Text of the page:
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A Critical Evaluation Of The Complexities Of Crime And Social Harm

2271 words - 9 pages

Aristotle (350 B.C.E) quoted in Jowett, B. (2009) states that: “Poverty is the parent of revolution and crime. Great Philosophers such as Aristotle helped to set the foundation of what we today define as ‘crime’, showing that even in 350 B.C.E the definition of ‘crime’ came from what was fist defined as ‘poverty’.
This essay aims to critically evaluate the complexities of ‘crime’ and ‘social harm’ by first defining what we believe crime to be. By doing this we can then look at where this definition stops and where the ideas of social harm start. Criminologists, Sociologists and Academic Writers try to explain the concepts behind the definition of crime through the ‘Social Constructionist Theory’, and the ‘Positivist Theory’. The concepts behind social harm are explained using the ‘Social Harm Approach’ and Becker’s: ‘Labelling Theory’. By using ideas from Muncie, Talbots and Walters (2010) Crime: Local and Global, examples will include: “Gender abuse and people trafficking” as well as “Crime, harm and corporate powers”. I will conclude that crime is a much contested theory and social harm is better placed to explain some of the ‘wrong doings’ of the world and show just how far it can be taken?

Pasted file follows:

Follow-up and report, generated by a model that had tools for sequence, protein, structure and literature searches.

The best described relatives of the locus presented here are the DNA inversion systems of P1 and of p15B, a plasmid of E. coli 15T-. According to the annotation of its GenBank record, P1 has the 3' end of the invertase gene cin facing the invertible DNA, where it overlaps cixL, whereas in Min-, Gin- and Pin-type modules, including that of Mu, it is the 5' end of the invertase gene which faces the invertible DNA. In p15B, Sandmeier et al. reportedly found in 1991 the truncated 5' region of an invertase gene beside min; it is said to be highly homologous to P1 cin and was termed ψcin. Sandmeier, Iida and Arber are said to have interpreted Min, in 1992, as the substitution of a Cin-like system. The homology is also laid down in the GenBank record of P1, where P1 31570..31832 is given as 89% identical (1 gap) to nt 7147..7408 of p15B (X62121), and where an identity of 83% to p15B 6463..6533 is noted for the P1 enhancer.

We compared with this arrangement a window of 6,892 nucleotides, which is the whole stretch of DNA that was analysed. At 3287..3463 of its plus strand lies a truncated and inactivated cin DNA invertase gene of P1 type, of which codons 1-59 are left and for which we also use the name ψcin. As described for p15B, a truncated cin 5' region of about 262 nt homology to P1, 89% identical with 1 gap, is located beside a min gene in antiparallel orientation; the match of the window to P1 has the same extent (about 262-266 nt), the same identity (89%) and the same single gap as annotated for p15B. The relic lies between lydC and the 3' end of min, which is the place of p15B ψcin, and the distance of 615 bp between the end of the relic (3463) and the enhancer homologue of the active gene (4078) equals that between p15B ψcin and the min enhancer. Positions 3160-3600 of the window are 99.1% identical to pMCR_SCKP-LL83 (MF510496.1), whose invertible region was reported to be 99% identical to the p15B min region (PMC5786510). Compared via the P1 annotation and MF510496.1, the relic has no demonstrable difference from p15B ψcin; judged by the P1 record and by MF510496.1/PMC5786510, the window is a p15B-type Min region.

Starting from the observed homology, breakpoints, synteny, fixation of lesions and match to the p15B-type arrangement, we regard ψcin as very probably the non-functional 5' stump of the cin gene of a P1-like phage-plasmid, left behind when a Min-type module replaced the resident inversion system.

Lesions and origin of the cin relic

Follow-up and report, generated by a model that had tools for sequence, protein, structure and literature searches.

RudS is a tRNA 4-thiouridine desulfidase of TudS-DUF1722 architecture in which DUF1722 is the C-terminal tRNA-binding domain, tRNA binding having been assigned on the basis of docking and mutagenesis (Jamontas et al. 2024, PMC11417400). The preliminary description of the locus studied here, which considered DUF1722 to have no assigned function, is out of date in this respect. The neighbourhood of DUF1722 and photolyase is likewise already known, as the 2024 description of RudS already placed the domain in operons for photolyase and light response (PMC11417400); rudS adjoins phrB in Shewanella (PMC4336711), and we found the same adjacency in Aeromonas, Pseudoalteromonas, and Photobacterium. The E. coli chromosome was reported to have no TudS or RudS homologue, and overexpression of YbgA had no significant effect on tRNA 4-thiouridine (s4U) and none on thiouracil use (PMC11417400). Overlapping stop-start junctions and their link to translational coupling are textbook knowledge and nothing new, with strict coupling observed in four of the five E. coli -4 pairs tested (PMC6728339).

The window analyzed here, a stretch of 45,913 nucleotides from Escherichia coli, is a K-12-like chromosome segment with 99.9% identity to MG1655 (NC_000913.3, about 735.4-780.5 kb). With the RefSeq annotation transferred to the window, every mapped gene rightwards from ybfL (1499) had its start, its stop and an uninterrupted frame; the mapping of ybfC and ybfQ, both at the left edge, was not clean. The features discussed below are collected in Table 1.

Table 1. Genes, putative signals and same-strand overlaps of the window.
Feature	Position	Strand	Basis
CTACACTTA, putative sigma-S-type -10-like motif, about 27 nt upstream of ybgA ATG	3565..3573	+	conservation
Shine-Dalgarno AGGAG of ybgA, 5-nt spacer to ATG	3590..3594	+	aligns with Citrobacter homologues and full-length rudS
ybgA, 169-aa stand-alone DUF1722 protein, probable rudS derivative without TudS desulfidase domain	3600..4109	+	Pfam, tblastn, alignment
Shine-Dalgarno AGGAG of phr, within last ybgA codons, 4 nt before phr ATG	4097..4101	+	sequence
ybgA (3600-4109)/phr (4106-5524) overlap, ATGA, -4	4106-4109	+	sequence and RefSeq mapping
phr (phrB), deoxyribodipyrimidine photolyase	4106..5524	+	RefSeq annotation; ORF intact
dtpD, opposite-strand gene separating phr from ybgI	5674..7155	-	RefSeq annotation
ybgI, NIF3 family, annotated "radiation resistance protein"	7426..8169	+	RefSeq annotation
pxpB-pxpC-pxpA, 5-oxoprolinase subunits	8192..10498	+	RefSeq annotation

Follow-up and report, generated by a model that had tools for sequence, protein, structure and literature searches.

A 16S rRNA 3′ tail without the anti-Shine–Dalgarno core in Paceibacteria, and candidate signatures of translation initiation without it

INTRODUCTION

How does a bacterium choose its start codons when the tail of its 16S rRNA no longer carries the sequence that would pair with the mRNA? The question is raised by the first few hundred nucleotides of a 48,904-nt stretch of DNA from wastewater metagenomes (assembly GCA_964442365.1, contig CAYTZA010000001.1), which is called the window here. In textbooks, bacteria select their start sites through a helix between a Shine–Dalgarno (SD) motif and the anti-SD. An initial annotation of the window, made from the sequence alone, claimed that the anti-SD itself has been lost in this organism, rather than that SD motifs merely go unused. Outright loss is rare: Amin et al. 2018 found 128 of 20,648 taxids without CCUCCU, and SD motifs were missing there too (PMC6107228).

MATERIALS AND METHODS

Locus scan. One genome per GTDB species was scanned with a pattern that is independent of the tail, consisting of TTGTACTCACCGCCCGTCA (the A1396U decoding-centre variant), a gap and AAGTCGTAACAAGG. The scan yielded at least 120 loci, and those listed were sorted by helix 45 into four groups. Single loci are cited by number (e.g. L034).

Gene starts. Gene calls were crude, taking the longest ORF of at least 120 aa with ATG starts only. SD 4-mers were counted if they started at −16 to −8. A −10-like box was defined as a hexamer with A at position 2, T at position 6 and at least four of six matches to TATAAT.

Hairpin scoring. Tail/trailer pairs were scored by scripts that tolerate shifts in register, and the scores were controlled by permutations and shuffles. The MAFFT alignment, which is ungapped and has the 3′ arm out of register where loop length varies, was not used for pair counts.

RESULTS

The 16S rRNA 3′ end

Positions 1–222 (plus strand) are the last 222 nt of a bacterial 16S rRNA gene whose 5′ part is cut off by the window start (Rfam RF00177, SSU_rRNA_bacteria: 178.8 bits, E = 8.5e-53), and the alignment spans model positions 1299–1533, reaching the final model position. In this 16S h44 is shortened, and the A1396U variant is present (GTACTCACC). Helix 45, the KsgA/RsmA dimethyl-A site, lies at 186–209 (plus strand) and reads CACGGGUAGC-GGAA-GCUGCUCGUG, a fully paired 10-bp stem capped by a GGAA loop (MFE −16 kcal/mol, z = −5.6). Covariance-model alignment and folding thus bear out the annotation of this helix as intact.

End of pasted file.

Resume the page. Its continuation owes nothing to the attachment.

One of the most common definitions of ‘crime’ comes from the Labour Government ‘Respect’ Website (2007) quoted in Muncie, Talbot and Walters (2010) “Crime is doing something forbidden by law. That could mean stealing a mobile phone, vandalism, graffiti, mugging, stealing or taking and selling drugs” (Muncie, Talbot and Walters, (2010), p. 3). This definition of crime is very much focused on the ideas of what criminologists would class as ‘street crimes’, crimes that are generally committed by the poorer people within society, young people who come from council estates. However this definition of ‘street crimes’ omits the crimes that are committed in ‘invisible spaces’ which tends to focus more on: domestic abuse, gender abuse and people trafficking and the ‘invisible crimes’ committed by the powerful elites of the world.
These crimes tend to be focused on white collar crimes, environmental pollution and illegal arms dealings amongst many more. This definition of crime omits behaviours that are potentially more harmful, that could cause greater pain or loss as stated in Muncie, Talbot and Walters, (2010), p. 3. Muncie, Talbot and Walters (2010), p. 01 also suggest that crime is a contested theory, this statement allows criminologists to then look at alternative methods of defining crime, criminal or deviant acts. This is done using the concept of social harm.
Crime as we know it today was only defined when the powerful felt that it was necessary to do so and used the power that they held to determine crimes. It is suggested in Muncie, Talbot and Walters, (2010), p.8, that crimes only...

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